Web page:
Bacterial, candida, and trichomonas vaginitis treatment centers on looking at the problem holistically instead of giving medications that just kill the organism. Prevention is the first step. Tight clothing and panty hose predispose a woman to yeast infections. Safe sex practices using barrier protection may be helpful in preventing recurrent vaginal infections. Adequate nutrition is important for maintaining a healthy immune system. Avoid sugar, refined carbohydrates, and alcohol. Increase the intake of yogurt with live acidophilus cultures to help maintain the ecosystem of the vagina.
Herbal suppositories for the treatment of bacterial vaginitis might include herbs such as echinacea, hydrastis, althea, usnea, geranium and althea. These are anti-microbial and can kill off the overgrowth of bacteria. Suppositories for yeast vaginitis might include boric acid, calendula, and oregon grape root. Tee tree has been shown to be effective in the treatment of Trichomonas infections. (Note; The recommended treatment for Trichomonas is a single dose of Metronidazole, 2 grams). Oral lactobacillus can be supplemented in all conditions to normalize the vaginal flora.
About Dr. Marianne Marchese:
Dr. Marchese is a clinician, author, and educator. She graduated from Creighton University in 1990 with a B.S. in Occupational Therapy and received her Doctorate of Naturopathic Medicine from the National College of Naturopathic Medicine (NCNM). She completed a two-year postgraduate residency in Integrative Medicine and Women’s Health and a six-month post-graduate training in Environmental Medicine.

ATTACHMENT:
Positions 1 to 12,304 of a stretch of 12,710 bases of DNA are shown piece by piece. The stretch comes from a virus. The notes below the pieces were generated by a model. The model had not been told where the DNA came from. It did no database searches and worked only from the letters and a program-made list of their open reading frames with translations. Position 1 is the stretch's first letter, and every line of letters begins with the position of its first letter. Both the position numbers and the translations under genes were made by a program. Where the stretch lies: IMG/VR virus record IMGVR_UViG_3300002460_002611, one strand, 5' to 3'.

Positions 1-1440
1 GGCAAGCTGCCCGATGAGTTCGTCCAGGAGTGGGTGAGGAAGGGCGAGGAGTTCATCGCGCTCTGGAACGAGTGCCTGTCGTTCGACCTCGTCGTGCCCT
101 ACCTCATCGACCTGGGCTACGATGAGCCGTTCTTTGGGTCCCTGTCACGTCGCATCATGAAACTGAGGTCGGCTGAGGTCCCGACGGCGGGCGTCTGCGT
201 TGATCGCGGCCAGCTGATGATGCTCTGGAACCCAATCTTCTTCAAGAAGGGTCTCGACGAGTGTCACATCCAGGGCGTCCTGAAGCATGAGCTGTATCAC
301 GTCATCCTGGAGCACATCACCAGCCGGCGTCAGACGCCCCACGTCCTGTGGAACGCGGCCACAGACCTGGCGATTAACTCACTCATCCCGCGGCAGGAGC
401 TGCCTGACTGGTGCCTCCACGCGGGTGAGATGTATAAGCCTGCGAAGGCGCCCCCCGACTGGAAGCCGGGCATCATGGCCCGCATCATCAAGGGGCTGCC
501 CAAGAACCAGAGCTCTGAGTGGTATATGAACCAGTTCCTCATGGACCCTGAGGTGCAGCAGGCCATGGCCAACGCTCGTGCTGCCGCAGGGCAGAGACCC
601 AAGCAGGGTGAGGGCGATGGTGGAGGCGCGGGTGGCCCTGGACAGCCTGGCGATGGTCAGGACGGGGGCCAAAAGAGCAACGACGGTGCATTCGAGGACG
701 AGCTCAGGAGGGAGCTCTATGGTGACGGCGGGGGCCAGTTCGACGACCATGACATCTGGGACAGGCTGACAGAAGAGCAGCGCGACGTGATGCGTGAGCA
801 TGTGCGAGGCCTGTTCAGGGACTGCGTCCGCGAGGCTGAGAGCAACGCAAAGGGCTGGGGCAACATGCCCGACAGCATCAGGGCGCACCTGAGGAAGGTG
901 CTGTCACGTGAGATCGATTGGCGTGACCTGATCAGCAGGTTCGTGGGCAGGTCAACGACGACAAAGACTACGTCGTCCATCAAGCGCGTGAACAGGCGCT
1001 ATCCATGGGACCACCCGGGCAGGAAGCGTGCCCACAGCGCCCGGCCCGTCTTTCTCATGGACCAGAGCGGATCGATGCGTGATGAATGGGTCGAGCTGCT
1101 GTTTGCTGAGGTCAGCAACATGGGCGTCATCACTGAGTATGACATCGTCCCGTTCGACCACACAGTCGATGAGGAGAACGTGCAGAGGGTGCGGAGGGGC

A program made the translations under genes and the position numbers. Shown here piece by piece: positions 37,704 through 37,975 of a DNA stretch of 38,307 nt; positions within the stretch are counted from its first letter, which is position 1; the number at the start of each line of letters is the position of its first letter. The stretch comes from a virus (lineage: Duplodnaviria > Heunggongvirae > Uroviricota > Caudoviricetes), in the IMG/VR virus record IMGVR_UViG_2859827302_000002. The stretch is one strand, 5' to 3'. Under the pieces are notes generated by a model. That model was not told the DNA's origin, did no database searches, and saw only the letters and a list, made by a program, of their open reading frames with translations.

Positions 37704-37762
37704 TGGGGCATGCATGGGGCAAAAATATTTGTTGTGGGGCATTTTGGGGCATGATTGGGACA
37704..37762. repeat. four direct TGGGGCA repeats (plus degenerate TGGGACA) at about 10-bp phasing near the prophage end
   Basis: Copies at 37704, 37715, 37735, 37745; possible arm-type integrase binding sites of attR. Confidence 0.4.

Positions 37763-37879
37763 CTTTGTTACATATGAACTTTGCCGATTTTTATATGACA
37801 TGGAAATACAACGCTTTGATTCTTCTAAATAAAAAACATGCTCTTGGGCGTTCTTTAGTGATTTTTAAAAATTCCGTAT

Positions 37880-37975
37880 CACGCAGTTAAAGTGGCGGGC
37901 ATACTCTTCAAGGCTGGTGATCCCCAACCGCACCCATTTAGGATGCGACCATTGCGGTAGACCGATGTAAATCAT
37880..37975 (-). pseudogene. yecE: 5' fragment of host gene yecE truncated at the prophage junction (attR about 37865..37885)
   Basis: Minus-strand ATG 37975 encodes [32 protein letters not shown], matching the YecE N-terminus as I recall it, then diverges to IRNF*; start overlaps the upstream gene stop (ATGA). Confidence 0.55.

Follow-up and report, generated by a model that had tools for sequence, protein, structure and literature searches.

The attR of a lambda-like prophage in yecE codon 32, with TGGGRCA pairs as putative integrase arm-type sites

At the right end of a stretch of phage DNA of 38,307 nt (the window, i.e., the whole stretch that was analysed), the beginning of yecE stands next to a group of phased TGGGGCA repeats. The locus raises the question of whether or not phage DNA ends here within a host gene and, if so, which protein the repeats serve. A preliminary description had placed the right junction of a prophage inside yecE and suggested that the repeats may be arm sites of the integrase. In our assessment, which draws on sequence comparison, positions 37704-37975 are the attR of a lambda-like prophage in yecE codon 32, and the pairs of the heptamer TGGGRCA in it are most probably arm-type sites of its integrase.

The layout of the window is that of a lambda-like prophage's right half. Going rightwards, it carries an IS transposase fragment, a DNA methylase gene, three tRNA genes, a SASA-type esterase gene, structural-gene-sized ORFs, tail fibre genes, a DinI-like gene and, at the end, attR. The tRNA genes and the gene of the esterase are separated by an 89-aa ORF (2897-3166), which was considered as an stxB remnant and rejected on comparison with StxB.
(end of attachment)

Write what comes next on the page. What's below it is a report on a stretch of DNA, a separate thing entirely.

Dr. Marchese has been an adjunct faculty member at NCNM supervising women’s health and environmental medicine clinic shifts and later taught toxicology and nutrition at Life Chiropractic College. Currently she is adjunct faculty at the Southwest College of Naturopathic Medicine, Tempe, AZ, teaching gynecology.
Dr. Marchese has had articles published in magazines, newspapers, and journals such as; The Arizona Republic, Raising Arizona Kids Magazine, Taste for Life Magazine, The Townsend Letter and Symbiosis Journal. She has been interviewed and quoted as an expert in many national magazines. She currently writes a column on environmental medicine for The Townsend Letter.
You can learn more about Dr. Marchese by visiting her website at www.drmarchese.com.
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- Stenchever MA, et al. Comprehensive Gynecology. Mosby Inc. 4th edition 2001:668-678.
- Leppart PC, Howard FM. Primary Care for Women. Lippincott-Raven Publ. 1997:181-184.